Rookie Rules

Brian WilkinsonOctober 26, 2012 

Paul John Reyna, Jr., 17, better known as PJ, is a member of the Yosemite High wrestling team who has been wrestling since he was six. But on Oct. 6, the 5-foot-7, 135 pounder stepped off the familiar wrestling mat into an enclosed ring at The Dome in downtown Bakersfield for his first sanctioned amateur mixed martial arts fight.

He walked out of the ring 1:32 later with his first victory after a bare-arm tap-out out by his 17-year-old opponent Chris Mackney of Fresno. Mackney is a wrestler at Central High and the cage fight was also his first.

"I thought he was going to be better than me the way he was talking before the match ... I thought I was in trouble," Reyna said. "I was a little nervous before the fight but once I stepped into the cage I felt comfortable. It turned out Mackney was a better talker than he was a fighter."

Reyna's match was the second of a 13-match card sponsored by 559 Fight and his short and sweet match can be seen at

He said he has been wanting to be a cage fighter for a long time and his first experience in the cage was all he expected and then some.

"You know how you see the gladiators in the movies before they enter the arena to fight? It was a lot like that," Reyna said.

He said the crowd, including about 60 friends and relatives from Oakhurst, was so loud he couldn't hear a word his coaches were yelling at him.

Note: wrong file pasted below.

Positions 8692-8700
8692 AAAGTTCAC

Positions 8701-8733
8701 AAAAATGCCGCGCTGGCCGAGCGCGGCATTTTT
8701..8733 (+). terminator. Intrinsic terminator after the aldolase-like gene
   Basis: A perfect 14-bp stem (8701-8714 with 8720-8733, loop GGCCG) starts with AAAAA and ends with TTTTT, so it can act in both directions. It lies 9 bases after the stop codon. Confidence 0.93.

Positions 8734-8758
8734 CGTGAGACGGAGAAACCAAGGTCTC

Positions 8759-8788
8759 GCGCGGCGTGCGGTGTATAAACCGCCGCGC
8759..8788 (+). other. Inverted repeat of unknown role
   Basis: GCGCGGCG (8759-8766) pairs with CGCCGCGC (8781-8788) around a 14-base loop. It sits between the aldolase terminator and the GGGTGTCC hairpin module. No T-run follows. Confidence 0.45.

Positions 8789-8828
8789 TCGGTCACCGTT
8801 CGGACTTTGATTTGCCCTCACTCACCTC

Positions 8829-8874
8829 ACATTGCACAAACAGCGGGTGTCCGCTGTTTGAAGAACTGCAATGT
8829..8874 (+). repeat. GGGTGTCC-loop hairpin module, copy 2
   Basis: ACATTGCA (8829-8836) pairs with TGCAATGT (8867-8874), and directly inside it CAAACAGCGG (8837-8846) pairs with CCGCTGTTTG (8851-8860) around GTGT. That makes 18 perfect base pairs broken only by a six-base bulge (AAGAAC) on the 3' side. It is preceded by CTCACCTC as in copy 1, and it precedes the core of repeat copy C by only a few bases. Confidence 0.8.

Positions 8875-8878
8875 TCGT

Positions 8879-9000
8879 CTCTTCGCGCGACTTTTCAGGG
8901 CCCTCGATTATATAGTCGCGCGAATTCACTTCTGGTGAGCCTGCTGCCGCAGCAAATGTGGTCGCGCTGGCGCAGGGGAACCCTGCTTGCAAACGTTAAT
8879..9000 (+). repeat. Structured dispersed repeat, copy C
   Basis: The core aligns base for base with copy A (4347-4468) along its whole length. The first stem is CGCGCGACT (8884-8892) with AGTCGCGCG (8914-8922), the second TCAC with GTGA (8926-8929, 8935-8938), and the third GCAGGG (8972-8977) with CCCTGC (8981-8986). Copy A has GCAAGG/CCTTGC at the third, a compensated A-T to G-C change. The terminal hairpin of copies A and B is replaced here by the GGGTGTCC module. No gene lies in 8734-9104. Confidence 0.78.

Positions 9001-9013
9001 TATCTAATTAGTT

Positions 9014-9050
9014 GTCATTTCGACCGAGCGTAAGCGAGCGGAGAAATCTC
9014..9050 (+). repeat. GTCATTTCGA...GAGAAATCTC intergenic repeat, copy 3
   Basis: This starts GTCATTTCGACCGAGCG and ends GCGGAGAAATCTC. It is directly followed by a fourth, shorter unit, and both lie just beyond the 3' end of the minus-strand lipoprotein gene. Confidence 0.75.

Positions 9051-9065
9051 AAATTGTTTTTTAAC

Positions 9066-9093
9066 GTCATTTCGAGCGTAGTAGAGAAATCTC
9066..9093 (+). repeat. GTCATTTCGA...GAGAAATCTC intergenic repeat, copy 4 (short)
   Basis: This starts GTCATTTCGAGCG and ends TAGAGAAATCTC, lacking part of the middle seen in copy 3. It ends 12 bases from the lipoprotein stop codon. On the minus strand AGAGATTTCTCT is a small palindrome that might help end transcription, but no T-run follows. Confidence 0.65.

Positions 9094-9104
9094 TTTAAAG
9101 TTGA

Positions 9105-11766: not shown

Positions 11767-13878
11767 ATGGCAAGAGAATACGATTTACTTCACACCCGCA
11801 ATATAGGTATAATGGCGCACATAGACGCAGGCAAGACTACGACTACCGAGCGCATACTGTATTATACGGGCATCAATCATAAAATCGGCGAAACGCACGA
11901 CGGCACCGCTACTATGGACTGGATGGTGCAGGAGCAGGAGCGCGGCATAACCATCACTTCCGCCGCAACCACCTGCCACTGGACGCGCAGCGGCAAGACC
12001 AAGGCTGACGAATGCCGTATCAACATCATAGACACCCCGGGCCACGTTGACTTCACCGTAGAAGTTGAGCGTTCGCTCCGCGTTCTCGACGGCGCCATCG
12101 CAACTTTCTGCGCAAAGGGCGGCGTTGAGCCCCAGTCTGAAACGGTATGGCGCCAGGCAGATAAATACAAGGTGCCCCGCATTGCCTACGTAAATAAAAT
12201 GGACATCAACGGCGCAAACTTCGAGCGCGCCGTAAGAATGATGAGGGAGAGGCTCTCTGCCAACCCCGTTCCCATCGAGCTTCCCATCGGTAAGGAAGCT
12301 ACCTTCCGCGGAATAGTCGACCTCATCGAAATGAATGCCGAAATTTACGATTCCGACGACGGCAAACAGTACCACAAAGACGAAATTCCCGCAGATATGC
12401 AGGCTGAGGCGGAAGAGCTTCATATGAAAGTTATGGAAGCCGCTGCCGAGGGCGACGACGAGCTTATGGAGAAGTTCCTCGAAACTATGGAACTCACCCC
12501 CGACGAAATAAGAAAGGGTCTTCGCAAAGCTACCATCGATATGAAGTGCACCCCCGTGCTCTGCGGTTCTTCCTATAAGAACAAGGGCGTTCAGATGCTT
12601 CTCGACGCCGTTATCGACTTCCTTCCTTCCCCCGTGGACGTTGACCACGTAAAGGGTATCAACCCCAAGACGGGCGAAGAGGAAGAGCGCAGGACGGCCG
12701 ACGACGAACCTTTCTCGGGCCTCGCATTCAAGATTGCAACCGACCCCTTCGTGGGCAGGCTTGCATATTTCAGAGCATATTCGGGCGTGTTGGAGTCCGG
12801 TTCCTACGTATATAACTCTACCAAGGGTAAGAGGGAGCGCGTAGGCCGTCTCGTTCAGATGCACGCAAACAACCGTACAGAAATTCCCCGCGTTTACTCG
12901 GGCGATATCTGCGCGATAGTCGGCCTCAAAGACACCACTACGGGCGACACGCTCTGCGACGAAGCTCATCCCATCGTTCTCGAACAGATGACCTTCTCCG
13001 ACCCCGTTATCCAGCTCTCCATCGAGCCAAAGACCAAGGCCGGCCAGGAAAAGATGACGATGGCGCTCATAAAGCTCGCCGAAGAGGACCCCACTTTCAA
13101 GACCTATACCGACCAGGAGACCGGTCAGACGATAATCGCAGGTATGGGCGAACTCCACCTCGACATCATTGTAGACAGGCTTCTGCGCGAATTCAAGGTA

"You have to rely on your training once you in the cage because you can't hear the coaches ... you have to stay focused and get the job done," Reyna said.

Up until a recent rules change, lowering the minimum age to participate in a 559 Fight event from 18 to 17, Reyna planned on waiting eight more months for his 18th birthday and first fight.

"I was glad they changed the age limit which allowed me to have my first fight sooner than I was planning on," Reyna. "I heard about the change in late June from my Madera coach Anthony Perales."

Perales has been coaching Reyna for the past six months. Reyna trains with Perales the Piranha Fight Team in Madera two hours a day, four days a week. He joined the team, made up of young fighters six to 16 years old, just six months ago.

The team is made up of inter-city boys and in addition to training with Perales, a cage fighter himself, Reyna is the team captain of the team.

"For some of these kids, being part of this team is all they have and they work hard," Reyna said. "For most of them, Spanish is their first language and they like giving me a bad time because I only speak English, even thought my dad is Spanish. I'm taking Spanish at Yosemite this year so I can understand more of what the kids are saying."

"I think PJ has a chance to become a champion as long as he continues on his determined path," Perales said. "He's a very determined kid who believes in himself, yet he is very humble. He feels winning and success are his only options. He doesn't like to loose."

Perales said Reyna has it all -- a combination of accuracy, kicks, striking and grappling on the mat which is his strong point.